I will admit to a guility pastime: I enjoy reading crime novels and watching crime shows on TV. The main reason is that I enjoy exploring the unknown and trying to solve the mystery. I think it is that part of me that also gives me joy while doing research. I never stop asking questions, with the unfortunate outcome that I occasionally leave people around me quite annoyed.
When faced with a problem in life science I tend to look at it as solving a mystery. The complexity of what is happening inside a cell and why it happens has always fascinated me. I sometimes look at it as an enclosed society where the molecules are performing their assigned roles within communication, transport, governing, waste management and so on. When I learned that journalists and police are using the Six W´s of Investigation technique to be able to get the whole story it made perfect sense to use the six W’s to understand problems within life science.
If you can answer: what, why, who, when, where and how; you will have a clear and fundamental knowledge of the whole situation. Within journalism and police investigation the Six W´s of Investigation are used to gather basic information. If all these questions are answered; you have the whole story.
Here are some suggestions of questions to ask when investigating a biological situation on a macro molecular or cell level:
Define the situation or the problem. What is it about? What are you trying to find out? What is the reason for investigating it? What is happening? What change occurs? What happens next and what is the sequence of events? What are verified and established events? What events need to be examined further? What are the different actors? What type of environment is it happening in (pH, salt, other agents)? What agents are needed and what can be substituted? …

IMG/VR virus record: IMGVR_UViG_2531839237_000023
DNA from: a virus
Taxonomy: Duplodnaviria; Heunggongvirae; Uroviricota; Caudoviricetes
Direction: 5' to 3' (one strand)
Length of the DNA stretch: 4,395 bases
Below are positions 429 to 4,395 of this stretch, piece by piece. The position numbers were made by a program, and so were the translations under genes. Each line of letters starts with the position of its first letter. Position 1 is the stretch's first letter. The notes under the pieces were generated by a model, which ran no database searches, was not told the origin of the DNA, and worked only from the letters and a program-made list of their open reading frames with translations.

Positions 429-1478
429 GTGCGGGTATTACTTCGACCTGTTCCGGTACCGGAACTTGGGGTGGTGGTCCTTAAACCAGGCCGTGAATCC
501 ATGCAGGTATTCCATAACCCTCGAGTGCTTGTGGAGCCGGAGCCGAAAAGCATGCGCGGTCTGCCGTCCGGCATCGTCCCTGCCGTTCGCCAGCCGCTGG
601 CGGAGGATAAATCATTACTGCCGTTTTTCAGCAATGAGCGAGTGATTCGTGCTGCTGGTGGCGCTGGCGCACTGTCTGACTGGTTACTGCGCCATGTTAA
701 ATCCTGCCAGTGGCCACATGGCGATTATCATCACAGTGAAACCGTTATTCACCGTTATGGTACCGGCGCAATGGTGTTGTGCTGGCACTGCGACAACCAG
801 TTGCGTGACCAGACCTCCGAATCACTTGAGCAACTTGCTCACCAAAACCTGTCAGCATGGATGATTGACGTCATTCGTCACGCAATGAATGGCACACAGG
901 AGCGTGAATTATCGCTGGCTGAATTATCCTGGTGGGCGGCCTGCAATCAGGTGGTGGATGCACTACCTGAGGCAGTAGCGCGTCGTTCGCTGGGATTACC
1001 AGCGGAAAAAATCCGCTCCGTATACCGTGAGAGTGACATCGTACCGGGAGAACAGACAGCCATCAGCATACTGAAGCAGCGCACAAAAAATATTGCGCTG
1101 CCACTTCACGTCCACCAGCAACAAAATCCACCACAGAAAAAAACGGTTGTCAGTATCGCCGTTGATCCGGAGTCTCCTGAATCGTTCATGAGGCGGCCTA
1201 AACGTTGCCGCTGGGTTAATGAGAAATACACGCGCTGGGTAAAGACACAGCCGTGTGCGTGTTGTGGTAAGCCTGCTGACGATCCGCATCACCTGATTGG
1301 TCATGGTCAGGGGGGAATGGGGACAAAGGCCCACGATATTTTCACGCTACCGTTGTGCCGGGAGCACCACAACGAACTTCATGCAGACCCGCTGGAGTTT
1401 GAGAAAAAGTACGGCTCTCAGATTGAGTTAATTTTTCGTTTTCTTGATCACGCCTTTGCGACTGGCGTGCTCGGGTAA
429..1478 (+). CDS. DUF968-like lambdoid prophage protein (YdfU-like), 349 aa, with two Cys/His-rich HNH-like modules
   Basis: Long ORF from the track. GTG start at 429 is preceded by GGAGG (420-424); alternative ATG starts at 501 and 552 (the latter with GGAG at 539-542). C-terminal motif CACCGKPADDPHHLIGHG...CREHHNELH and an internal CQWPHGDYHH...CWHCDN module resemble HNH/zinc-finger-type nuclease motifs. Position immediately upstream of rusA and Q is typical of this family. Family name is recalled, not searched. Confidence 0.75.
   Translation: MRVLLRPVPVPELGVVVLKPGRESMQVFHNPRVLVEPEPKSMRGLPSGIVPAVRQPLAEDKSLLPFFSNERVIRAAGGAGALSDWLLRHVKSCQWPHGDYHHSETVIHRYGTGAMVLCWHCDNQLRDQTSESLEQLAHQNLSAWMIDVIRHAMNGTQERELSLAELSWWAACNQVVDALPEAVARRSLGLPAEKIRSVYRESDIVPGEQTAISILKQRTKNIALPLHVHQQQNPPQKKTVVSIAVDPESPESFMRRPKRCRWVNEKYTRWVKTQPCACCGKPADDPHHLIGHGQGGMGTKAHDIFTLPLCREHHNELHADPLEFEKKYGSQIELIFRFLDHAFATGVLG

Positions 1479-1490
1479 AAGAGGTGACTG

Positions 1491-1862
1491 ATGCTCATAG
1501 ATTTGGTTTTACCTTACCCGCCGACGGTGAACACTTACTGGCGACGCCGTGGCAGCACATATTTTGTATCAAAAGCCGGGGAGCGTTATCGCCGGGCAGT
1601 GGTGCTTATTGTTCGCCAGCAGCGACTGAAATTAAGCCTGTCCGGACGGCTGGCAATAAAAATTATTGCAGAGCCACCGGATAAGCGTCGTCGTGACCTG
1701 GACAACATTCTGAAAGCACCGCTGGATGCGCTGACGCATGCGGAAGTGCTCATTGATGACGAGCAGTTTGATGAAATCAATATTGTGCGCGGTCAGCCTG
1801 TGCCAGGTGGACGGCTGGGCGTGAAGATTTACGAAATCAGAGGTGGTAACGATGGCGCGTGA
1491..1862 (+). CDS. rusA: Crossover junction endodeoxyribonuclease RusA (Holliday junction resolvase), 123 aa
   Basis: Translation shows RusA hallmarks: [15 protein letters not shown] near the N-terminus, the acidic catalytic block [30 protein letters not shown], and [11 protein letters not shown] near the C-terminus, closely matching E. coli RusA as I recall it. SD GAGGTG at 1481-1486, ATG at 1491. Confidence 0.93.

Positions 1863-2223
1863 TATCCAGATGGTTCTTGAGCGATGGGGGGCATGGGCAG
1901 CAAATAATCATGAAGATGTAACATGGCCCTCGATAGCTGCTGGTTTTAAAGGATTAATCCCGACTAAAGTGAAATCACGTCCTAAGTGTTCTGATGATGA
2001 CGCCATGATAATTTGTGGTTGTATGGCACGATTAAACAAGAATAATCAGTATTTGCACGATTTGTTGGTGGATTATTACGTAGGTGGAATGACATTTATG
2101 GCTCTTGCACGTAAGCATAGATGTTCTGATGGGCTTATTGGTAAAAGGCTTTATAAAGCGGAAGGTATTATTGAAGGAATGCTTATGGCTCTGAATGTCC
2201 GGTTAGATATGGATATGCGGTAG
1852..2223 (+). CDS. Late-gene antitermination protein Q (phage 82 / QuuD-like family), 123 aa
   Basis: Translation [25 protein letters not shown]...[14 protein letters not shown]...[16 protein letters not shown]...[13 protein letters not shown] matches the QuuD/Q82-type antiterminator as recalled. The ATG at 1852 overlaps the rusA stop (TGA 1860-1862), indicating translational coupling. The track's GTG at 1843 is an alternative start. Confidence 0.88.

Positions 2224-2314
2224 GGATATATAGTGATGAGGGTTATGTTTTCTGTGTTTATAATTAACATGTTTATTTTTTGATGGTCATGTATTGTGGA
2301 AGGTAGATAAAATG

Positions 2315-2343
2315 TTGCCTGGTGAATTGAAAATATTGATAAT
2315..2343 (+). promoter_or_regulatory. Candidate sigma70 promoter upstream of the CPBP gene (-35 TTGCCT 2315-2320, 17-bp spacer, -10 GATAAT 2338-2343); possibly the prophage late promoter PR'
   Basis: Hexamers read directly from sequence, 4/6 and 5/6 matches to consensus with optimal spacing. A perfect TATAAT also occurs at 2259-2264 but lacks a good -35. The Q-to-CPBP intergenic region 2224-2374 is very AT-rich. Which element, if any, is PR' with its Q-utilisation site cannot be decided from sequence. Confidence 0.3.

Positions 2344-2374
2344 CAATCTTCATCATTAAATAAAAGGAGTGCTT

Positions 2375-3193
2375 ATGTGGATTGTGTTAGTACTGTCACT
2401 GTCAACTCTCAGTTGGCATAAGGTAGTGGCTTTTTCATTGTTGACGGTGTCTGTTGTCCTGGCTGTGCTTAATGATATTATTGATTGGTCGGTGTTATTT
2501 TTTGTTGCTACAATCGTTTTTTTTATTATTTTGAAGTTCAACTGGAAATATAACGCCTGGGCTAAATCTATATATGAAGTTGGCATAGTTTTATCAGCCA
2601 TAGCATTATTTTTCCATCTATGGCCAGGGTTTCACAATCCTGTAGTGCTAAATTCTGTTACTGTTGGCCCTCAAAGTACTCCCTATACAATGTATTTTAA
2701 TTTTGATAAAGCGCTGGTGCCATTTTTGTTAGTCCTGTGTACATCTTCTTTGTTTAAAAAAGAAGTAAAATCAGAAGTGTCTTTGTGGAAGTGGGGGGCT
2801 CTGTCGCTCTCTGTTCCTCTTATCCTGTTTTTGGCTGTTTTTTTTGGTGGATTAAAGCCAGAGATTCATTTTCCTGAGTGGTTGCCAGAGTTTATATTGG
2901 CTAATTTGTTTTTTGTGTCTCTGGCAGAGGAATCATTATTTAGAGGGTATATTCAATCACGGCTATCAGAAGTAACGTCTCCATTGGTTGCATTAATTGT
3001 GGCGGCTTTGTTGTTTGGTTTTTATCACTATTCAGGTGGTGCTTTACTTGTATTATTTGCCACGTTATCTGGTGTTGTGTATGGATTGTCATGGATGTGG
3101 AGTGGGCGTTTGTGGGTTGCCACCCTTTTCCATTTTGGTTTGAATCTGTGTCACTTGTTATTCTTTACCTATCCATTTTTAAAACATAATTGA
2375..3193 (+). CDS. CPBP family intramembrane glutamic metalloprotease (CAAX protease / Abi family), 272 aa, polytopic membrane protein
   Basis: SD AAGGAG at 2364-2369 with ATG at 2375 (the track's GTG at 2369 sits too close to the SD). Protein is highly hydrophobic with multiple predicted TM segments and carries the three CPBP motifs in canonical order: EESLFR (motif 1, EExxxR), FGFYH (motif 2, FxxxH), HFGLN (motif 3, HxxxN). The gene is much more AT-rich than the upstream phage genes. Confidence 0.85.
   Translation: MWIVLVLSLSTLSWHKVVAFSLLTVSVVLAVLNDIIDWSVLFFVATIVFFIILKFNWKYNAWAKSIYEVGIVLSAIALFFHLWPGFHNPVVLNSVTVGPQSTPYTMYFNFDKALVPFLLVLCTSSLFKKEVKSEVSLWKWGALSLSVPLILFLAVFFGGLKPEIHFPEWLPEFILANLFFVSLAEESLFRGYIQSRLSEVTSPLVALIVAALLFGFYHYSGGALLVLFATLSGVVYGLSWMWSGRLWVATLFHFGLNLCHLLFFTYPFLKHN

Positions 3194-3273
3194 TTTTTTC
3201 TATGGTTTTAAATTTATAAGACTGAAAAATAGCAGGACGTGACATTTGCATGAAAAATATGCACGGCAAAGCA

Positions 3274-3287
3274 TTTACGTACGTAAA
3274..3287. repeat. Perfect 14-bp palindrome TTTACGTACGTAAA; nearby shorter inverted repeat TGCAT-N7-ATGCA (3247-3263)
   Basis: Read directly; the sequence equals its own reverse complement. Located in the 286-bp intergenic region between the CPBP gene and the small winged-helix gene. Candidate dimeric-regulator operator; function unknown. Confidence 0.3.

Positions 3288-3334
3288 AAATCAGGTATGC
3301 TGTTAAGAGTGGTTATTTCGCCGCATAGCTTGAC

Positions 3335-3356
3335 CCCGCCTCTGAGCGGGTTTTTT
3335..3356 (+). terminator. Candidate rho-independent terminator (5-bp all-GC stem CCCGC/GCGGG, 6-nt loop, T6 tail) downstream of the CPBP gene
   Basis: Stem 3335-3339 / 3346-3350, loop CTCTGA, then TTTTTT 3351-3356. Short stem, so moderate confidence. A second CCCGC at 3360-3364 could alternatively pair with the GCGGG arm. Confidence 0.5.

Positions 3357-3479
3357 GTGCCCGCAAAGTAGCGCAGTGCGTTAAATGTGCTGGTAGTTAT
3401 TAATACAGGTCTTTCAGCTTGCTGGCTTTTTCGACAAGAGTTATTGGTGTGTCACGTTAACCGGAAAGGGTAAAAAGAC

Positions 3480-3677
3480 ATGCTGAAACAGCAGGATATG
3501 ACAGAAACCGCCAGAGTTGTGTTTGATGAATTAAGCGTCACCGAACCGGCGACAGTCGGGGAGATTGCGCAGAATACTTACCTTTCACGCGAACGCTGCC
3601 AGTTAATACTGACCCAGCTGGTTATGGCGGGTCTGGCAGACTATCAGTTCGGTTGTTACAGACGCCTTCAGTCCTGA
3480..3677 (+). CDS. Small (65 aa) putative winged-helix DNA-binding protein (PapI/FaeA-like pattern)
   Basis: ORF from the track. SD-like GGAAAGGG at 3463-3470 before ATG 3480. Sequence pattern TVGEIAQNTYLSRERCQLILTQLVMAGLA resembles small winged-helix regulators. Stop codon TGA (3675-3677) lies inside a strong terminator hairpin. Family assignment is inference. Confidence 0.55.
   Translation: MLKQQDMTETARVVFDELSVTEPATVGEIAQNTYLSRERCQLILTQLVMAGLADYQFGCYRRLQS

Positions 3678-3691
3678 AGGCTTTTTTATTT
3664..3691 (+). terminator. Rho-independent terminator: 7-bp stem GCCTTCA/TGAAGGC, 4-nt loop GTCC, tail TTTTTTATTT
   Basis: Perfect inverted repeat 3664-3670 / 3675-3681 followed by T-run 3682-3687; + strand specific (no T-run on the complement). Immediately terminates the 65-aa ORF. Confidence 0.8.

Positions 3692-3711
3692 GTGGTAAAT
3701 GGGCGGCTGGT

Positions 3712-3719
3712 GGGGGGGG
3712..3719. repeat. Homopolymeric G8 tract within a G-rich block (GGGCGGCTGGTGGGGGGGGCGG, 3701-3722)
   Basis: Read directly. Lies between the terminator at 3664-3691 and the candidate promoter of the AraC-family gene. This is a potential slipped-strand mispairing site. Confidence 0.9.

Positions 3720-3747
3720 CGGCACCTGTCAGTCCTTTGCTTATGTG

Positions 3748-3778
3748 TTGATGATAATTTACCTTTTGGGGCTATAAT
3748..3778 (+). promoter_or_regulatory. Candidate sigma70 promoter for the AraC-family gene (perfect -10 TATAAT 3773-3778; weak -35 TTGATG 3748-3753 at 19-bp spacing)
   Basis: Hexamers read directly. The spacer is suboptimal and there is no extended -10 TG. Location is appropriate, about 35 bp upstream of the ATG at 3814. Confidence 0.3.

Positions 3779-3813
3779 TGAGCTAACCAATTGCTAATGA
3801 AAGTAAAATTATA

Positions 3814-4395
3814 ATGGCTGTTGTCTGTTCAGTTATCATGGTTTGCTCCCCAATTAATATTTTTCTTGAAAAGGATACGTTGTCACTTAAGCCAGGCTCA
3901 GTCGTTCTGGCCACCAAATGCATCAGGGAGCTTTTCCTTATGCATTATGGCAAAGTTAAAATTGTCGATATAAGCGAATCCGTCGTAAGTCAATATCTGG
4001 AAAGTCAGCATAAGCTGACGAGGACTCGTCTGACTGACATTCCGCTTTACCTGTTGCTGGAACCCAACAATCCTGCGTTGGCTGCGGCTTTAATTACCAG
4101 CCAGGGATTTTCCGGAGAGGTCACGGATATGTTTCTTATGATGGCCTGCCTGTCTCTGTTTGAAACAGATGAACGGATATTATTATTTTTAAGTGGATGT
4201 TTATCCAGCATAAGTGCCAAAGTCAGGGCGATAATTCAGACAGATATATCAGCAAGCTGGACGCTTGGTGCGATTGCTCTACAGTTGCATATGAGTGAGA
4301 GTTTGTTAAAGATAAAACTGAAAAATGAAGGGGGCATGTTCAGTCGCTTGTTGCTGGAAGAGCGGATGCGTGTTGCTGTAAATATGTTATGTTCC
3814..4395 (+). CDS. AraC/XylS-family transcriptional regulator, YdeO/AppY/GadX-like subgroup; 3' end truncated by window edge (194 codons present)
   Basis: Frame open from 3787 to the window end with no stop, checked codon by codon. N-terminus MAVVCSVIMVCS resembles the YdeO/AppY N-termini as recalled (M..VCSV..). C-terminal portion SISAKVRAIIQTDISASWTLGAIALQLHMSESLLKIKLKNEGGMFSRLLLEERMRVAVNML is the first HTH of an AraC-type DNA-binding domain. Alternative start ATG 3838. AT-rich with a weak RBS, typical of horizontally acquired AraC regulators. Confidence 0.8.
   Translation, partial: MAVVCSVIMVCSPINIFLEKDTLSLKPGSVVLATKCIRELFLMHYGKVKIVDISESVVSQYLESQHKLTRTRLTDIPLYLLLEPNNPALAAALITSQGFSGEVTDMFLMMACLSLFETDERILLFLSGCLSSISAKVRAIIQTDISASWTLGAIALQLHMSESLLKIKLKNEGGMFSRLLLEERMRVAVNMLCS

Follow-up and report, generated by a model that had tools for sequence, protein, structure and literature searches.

I suggest to personify the macro molecules or cells and look at them as the actors. Who are involved (as in which proteins, nucleic acids or cells are involved)? Who are most affected? Who are not affected at all? Who has a positive effect? Who has a negative effect? Who has no effect? Who are the major players? Who are contributing players? Who can be removed? Who needs to be added? Who changes conformation? Who is being recruited? …
Describe the need and the situation. Why is it occurring? Why is it important? Why do the contributing parts need to be there? Why does it not happen elsewhere? Why are the actors involved? Why is the effect so small (or conversely, why is the effect so large)? Why is this actor not involved? Why does that occur when this is added or changed?
Describe the locations of the different occurrences. Where in the cell does this happen? Where in the body is it occurring? Where on the cell surface is the impact? Where on the chromatin? Where in the signal cascade? …
This can point to both a timeline and after changing conditions by adding or removing certain stimuli. When does the change occur? When does the sequence start or stop? When is it necessary to have this present? When does an actor leave the situation? When is this no longer important? …
Describe the process of occurrences and how it can be examined. How does the sequence start? How much is needed? How are the molecules or cells affected? How does the sequence take a different direction? How can it be examined and how can it be proven or verified? How long does a contributing actor need to be involved? How can the situation be mimicked in vitro? …
Start with a brainstorming session, alone or in a group. Write down the six W’s of investigation: all the what, who, why, where, when and how questions you can think of that is relevant for your problem. If you write them on sticky notes or index cards it is easy to sort and categorize them after the brainstorming. Continue with answering the questions. Jump back and forth between the questions while the story is outlined. For each answer more questions can turn up. Continue to write down the questions and answer them along the way.
The Six W’s of Investigation technique can be used in many situations when you need to get a good thorough overview of a problem or a challenge. In a future blog post I will suggest how you can use it in project planning. If you have used this or similar techniques please share by leaving a comment.